For example: Each of the three family branches hosted the others for dinner, rotating through each of the three nights. It’s a lot of work, cooking for so many, and our family is the smallest, and we hosted on Xmas Eve. Yet we handled it pretty well, I think. My mother and sister led the effort and prepared baked potatoes with a variety of toppings. (I took it upon myself to play bartender, mixing hot toddies for all the adults. I brought three bottles of rye along in my luggage, two of which did not break in transit.) The whole family crowded into our (relatively) small place after the aforementioned church service. Before eating, my father called the family’s attention and made some humorous and touching remarks. Then my mother said a prayer. What caught my ear was a particular turn of phrase. Mom started to refer to Christmas as “the day when Christ was born” but she caught herself and spoke instead of “the day we commemorate Christ’s birth.” It was a simple thing, and I’m sure nobody noticed this — expect me. I did notice, and it filled me with a mixture of emotions that are difficult to sort out.
I was quite certain, see, that Mom was thinking of me, consciously or otherwise. I often remind people that Christmas is celebrated in late December because of its proximity to pagan holidays and not because it’s supposed to be the actual date when Jesus was born. Perhaps I have done so with too much zeal. It’s a factual point that has been important to me as my perspective on the holiday season has evolved.
I suppose the first and main thing I felt was sadness. It seemed sad to me that it’s come to this, that a dear sweet woman like my mother would have to parse her words carefully on the very night held most sacred by her faith. I’m sad that’s the tenor of the times, and I’m ashamed if I have in any way contributed to it. I hope I have not. And by the same token, it is perhaps a little sad that I’ve had to struggle as a post-Christian to understand what (and how) I may celebrate at this time of year.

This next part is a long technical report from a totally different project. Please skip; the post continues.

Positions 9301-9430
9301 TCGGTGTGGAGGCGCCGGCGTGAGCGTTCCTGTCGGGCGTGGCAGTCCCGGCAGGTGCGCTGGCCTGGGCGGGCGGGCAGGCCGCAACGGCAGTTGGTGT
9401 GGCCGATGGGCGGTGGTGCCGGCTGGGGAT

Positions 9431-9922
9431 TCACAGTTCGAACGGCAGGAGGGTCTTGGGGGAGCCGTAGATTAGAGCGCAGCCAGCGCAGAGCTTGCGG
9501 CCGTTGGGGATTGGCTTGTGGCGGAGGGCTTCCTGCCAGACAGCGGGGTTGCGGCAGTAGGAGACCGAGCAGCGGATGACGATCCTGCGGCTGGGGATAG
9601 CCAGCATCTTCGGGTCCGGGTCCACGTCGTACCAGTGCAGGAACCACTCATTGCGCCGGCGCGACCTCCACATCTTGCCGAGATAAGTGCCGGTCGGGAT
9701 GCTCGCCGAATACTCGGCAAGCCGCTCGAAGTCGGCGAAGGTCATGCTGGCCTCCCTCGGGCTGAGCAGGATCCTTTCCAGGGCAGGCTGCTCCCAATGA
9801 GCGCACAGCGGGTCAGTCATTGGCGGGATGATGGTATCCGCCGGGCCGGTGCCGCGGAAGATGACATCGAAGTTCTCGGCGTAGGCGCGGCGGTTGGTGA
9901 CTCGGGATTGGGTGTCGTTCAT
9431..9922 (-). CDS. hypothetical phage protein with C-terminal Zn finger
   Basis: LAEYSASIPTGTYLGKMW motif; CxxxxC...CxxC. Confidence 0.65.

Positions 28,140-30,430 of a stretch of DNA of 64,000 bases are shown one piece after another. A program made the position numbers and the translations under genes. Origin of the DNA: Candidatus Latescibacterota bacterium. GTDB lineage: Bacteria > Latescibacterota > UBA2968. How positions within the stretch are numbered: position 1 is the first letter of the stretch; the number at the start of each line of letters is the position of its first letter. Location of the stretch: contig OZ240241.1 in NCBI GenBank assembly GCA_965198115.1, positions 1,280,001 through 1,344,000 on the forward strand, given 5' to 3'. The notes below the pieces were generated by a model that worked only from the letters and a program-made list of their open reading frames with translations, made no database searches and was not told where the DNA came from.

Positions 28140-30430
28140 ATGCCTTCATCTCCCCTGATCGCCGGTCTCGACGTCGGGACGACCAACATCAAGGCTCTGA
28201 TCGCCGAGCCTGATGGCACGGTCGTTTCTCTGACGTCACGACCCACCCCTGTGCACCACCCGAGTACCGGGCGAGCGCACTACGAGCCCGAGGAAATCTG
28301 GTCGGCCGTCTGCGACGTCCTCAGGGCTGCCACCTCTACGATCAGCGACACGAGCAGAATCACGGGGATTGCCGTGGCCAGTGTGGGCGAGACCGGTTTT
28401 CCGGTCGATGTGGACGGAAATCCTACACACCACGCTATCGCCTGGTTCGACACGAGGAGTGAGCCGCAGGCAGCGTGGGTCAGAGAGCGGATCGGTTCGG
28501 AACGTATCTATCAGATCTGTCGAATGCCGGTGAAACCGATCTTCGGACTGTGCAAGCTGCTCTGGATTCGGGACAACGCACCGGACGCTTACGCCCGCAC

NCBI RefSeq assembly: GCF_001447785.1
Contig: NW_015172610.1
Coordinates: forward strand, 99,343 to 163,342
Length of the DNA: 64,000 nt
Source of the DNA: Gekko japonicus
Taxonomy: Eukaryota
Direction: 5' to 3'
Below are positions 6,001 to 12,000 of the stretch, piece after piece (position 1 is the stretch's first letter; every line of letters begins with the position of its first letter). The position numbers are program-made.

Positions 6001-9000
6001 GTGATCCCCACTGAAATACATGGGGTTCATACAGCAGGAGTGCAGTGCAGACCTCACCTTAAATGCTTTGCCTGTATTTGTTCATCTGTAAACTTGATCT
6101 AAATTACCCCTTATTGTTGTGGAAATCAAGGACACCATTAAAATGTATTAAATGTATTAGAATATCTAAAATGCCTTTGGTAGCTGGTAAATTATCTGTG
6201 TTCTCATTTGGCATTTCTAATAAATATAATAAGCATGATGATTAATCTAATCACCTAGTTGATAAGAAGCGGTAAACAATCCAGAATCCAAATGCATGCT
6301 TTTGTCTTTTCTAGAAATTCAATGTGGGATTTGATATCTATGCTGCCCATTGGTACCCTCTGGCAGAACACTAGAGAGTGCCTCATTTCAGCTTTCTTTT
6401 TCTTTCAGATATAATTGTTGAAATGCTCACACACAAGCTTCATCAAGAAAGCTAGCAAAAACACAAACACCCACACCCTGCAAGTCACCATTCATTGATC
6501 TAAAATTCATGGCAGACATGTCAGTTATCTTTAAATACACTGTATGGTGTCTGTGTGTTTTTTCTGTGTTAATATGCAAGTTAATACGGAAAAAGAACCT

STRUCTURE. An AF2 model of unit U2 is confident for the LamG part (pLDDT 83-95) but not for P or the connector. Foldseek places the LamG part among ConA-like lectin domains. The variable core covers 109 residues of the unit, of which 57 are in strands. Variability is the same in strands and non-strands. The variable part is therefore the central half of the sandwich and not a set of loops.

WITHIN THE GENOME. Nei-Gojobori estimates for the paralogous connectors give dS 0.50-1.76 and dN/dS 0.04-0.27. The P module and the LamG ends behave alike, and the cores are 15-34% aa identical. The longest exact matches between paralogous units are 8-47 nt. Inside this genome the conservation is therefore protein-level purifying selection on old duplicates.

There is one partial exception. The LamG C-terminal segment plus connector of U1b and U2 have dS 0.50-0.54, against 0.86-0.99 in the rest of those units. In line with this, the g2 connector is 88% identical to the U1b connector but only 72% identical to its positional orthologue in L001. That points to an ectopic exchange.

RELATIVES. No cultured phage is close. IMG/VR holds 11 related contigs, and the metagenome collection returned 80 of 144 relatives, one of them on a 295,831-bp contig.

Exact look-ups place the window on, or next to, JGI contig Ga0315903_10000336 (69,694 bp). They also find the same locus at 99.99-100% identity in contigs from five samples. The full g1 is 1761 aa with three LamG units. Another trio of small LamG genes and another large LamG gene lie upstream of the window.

Upon further reflection, I’ve come to feel a sense of gratitude that Mom knows me and cares enough about me — not to mention historical accuracy — to accommodate me in her thoughts. Rare qualities indeed!
Of course it’s entirely possible that I’m completely mistaken, reading all this significance into a simple slip of the tongue that really didn’t mean anything.
It should also be noted that, as per long-standing tradition, the family did sing “Happy Birthday Jesus” before the meal on Xmas Day. No ambiguities there. In accord with the other prayers that were said, the message seems to be simple: Hey, we’re all Christian here. No accommodation, no allowance for any who might think differently. It makes me feel rather awkward, and though I play along, I wonder how I might share back to the family something of my perspective, while remaining respectful and positive.
And yet — though I may not see ambiguity in the performance of this song, I see plenty in my heart as I contemplate it. For despite the rather obvious critical objections, it has become traditional, and I’m fond of traditions. As I recently said in an online discussion:
I do think rituals and traditions have a certain power which I respect and value; I’m not quite ready to discount religious practice so much as re-interpret it…. That said I think we have to bring our critical faculties with us if and when we go to church or temple.
When a family gathers together regularly for almost half a century and joins voices in song, that act becomes a powerful thing in its own right, regardless of how I might regard the song itself. In fact I think the singing transcends the song in some way.
And finally it should be noted that my nephew probably isn’t really emo at all. I’m far too unhip and out of touch to understand what emo actually means in today’s youth culture.